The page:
As an anthropologist, why do you think these changes occurred?
I think there are many different social factors around increasing individualism, even urbanization and other factors that don't seem directly related to sex. Urbanization made it possible for people to move far away from their families and have relationships or sexual experiences that their kin would never even know about. So people were gaining more freedom to cultivate sexual experiences that were more individualized, and I think this influenced the scientific community to categorize sexuality in ways that were more individual and less religious and less communal.
Where did the scientific community locate this thing called sexual identity? Where does our sexual identity reside?
Often it has to do with sexual feelings. We are encouraged to think about what our sexual feelings are and choose the category accordingly. So a person could be gay or straight without having any sexual experience; it is simply based on their thoughts and feelings. Some people base it more on sexual behavior and experience. But there is disagreement in the scientific community, such that if you ask sex researchers today, "What percent of the population is gay?" you would get a response of frustration like, "Well it depends on what you mean by ‘gay.' How exactly do we define that term?" Different scientific studies will define sexual identity based on thoughts, feelings, behaviors, and self-identification and get very different answers depending on how the term is defined.
It sounds as though definitions would naturally be unstable if we're using such a precarious point of reference as feelings.
Absolutely, we trust feelings. We definitely give them a lot of authority, saying "What you feel is who you truly are." But at the same time feelings are fickle. We see in Scripture that feelings are described as fickle and unstable. Not many people experience fluidity in their sexual feelings but some do, and that's a growing area of research. We're finding that these feelings can really change with context, and can change with age as well.
The church has largely accepted this sexual identity framework. What have been the consequences and implications?
The church has bought into these identity categories for the last hundred years. The turmoil we're experiencing in the church today is a legacy of that acceptance. On an individual level people feel judged not in their behavior where there are choices, but instead in their very essence, in who they are as persons. And there is the idea that some people are better than other people by virtue of sexual feelings that they didn't even choose. On a corporate level we have organizations like churches and colleges and non-profits that use stances on homosexuality as part of their defining characteristic and that is resulting in divisions and heightened conflict.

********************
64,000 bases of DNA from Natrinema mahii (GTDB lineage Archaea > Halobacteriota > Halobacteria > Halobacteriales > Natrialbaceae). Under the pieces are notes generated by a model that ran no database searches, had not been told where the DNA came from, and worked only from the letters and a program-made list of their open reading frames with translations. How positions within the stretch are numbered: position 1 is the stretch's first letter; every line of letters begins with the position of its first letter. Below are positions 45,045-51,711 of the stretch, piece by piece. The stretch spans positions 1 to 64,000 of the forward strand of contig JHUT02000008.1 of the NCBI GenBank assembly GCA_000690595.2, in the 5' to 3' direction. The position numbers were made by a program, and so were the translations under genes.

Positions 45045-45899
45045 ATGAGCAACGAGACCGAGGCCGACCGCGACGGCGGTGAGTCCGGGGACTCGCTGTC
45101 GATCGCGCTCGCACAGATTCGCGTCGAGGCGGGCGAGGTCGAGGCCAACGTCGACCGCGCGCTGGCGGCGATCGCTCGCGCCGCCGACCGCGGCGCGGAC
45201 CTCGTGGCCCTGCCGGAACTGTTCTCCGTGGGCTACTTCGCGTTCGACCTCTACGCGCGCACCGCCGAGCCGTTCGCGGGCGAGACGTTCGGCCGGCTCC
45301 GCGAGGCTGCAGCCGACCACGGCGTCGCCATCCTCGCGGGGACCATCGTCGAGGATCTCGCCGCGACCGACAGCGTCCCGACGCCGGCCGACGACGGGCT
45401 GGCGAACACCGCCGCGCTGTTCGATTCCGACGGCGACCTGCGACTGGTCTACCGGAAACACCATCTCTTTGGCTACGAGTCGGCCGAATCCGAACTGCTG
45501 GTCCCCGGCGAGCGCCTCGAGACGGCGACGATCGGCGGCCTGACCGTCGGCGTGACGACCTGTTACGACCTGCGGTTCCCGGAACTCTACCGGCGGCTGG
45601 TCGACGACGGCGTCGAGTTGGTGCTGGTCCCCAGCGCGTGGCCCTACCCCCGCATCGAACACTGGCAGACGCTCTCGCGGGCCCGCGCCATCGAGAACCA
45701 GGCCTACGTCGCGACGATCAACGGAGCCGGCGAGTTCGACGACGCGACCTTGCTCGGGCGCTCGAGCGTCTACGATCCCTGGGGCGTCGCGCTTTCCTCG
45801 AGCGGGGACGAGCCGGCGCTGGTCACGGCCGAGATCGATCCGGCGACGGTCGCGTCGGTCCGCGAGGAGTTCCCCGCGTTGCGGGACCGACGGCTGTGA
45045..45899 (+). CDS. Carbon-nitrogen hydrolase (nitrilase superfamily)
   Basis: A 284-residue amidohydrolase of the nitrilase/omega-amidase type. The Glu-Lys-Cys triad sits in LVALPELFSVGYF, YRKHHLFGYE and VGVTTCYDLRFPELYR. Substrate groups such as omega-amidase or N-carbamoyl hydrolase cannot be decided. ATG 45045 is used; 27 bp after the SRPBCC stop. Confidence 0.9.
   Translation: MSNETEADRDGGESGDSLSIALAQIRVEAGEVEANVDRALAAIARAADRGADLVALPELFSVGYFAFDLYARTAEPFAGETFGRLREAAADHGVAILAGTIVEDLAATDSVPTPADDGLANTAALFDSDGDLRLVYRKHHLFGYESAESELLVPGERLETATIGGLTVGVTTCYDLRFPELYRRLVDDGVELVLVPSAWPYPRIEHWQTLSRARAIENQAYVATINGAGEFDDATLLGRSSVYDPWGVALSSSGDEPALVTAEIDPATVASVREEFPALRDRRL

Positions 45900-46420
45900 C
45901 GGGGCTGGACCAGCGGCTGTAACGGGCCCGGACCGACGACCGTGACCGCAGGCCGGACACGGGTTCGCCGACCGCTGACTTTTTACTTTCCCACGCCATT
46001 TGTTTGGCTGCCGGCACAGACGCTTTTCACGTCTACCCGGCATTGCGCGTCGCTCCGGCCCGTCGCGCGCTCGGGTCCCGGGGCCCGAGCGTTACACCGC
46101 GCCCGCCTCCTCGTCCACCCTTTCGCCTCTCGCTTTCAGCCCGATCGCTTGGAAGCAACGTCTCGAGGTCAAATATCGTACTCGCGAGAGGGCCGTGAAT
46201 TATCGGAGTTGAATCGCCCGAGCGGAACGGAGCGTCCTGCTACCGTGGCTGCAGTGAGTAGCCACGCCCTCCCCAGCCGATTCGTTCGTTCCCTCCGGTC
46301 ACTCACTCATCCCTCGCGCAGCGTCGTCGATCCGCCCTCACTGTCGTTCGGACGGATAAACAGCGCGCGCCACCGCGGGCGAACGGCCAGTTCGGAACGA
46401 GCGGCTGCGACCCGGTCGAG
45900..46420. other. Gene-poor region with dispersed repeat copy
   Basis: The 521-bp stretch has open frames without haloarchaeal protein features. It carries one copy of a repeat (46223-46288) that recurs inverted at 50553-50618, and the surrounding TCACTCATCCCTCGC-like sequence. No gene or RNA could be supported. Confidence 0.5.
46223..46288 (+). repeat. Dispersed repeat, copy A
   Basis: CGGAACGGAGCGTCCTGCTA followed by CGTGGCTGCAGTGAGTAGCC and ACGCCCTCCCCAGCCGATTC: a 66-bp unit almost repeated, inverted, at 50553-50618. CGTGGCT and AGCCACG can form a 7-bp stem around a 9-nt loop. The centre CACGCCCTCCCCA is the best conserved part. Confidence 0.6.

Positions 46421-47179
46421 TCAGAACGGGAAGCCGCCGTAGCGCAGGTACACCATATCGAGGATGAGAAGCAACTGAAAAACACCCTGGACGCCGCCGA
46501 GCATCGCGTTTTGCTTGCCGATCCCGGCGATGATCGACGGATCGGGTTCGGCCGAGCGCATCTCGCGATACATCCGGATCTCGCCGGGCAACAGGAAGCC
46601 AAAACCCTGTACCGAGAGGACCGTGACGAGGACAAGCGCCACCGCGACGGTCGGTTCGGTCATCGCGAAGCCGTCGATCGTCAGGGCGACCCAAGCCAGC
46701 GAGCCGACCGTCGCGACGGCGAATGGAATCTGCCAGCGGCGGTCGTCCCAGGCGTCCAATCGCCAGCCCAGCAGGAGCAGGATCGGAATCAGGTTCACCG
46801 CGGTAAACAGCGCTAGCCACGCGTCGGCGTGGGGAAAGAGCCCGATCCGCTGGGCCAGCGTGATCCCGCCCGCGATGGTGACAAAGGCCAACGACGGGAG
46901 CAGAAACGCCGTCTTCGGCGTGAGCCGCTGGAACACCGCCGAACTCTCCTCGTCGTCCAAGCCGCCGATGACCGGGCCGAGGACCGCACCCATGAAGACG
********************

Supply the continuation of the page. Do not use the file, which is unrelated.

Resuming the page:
Leaders in some of those institutions would say, "We're standing up for truth in an age of moral relativism." And those leaders might argue that you're "going soft on sin."
One of the frustrations that led to me writing this book was feeling bullied by the question "Is homosexuality a sin?" I picture a tug of war where that question is being shouted from a megaphone and people are forced to get on one team or the other and start fighting. That is so limiting. I think opening up the cultural dimensions of sexuality is the required step: not just asking, "Is homosexuality a sin?" but questioning "What is homosexuality? What is heterosexuality? What are these labels and where did they come from?" Starting to get underneath those questions can open up new opportunities, new discourse, new ways of thinking, new ways of living.
Another parallel intrigued me. The question of software and music piracy appears, on the one hand, to be a fundamental moral issue because of the commandment, "Thou shalt not steal." Yet some people treat the lines as fluid, as though it's acceptable to pirate from a major record label but not a small one. Yet we rarely treat pro-piracy or anti-piracy as identity labels. Is that analogous to your vision of what could be the Christian discussion about sexuality? Where there are still moral categories, but they're not made into identity categories?
That's a beautiful analogy and I think that kind of openness is already happening in many places around sexuality. Homosexuality and heterosexuality are not simple labels. You can imagine someone who is labeled heterosexual but has a lot of same-sex feelings or even practices. You can imagine a person labeled homosexual who might have some fluidity or some choice in their sexuality. People's back-stories on how they got to their current place are very different; the choices they face are very different. I think ratcheting down the stakes in a sense would allow us to see the complexity of people's stories and allow for a more complex, more real discussion. It doesn't make it less morally significant, but it makes it more true to what our experience really is.